[Beowulf] slightly [OT] smp boxes
prentice at ias.edu
Fri Oct 17 13:43:35 PDT 2008
Tom Elken wrote:
>> To split hairs, in a system with multi-core Opterons, the cores on a
>> single chip are SMP relative to each other, since they all
>> use the same
>> memory controller, and have equal access to the RAM directly
>> by that memory controller. But once they access RAM from another chip
>> (different socket), it becomes a NUMA situation. (Is there a name for
>> this hybrid architecture?)
> NUMA != SMP is not a universally held conclusion.
> By some definitions*, SGI's large Altix machines, NUMA with Itanium, are
> SMP machines. Each processor core in these Altix's can read/write from
> any memory in the machine (with differing latency), and access the I/O
> resources of the machine.
> Press releases certainly trumpet them that way: "NCSA Adds 6.5 Teraflops
> With SGI Altix SMP System" at
> * http://www.webopedia.com/TERM/S/SMP.html
> "Short for Symmetric Multiprocessing, a computer architecture that
> provides fast performance by making multiple CPUs available to complete
> individual processes simultaneously (multiprocessing). Unlike
> asymmetrical processing, any idle processor can be assigned any task,
> and additional CPUs can be added to improve performance and handle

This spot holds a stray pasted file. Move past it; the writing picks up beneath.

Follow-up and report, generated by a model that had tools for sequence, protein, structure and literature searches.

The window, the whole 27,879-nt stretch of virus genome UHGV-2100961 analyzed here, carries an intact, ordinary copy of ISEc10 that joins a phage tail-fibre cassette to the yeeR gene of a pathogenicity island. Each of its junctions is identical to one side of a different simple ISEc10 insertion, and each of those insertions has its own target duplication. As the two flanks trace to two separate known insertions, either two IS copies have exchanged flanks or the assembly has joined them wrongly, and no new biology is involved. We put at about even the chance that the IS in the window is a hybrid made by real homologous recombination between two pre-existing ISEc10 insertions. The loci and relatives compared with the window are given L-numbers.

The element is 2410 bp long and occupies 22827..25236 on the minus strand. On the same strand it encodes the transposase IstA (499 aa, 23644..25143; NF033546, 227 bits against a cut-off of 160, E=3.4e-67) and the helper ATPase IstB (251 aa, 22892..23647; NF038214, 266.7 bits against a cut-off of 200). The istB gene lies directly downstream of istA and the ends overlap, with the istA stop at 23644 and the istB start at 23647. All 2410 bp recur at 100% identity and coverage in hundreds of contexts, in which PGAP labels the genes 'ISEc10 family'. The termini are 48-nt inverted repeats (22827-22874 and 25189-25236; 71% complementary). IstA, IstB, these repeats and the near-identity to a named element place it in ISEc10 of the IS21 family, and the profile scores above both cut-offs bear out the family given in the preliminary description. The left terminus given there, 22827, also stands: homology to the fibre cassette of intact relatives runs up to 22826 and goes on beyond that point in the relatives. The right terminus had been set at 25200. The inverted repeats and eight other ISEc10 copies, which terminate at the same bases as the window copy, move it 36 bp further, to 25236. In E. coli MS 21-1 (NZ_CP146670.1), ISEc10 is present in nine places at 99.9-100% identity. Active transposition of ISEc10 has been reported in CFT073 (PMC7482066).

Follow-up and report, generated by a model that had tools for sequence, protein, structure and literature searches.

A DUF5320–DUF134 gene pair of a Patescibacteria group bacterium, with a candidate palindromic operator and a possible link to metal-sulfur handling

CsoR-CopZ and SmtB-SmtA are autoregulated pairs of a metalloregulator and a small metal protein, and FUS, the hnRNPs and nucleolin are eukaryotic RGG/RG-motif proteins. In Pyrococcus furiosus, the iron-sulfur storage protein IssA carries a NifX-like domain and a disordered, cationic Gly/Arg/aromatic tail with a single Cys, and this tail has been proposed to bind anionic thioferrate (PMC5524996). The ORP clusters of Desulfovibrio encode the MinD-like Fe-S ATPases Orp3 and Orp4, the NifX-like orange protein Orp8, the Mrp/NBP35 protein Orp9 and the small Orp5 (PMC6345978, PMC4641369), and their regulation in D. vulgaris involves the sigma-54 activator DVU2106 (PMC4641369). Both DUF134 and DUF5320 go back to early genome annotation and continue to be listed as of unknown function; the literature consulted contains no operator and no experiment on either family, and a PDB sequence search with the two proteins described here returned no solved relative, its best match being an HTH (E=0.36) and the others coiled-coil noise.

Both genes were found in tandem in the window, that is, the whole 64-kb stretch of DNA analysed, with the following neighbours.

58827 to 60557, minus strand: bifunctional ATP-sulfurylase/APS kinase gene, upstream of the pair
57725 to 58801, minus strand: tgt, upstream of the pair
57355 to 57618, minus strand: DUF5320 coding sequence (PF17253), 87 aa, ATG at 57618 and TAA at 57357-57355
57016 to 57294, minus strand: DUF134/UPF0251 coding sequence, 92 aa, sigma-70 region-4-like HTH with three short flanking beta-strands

> increased loads. A variety of specialized operating systems and hardware
> arrangements are available to support SMP. Specific applications can
> benefit from SMP if the code allows multithreading.
> SMP uses a single operating system and shares common memory and disk
> input/output resources. Both UNIX and Windows NT support SMP. "
> Altix with Itanium satisfies this definiton.
I always considered SMP to refer the memory access model, purely from a
hardware perspective, but as your post and several other replies have
indicated, there's differing opinions on this, and definitely no
universal consensus. Interestingly, Wikipedia agrees with my earlier
statements*, which is in opposition to webopedia's def.
I consulted Hennessy & Patterson** to see what they said, but, they are,
uhhhh... to verbose for a Friday afternoon.
* I didn't read the *whole* entry, but skimmed it quickly while writing
**Hennessy, John L, and Patterson, David A., "Computer Architecture: A
Quantitative Approach", 3rd Ed., Morgan Kaufman Publishers, 2003
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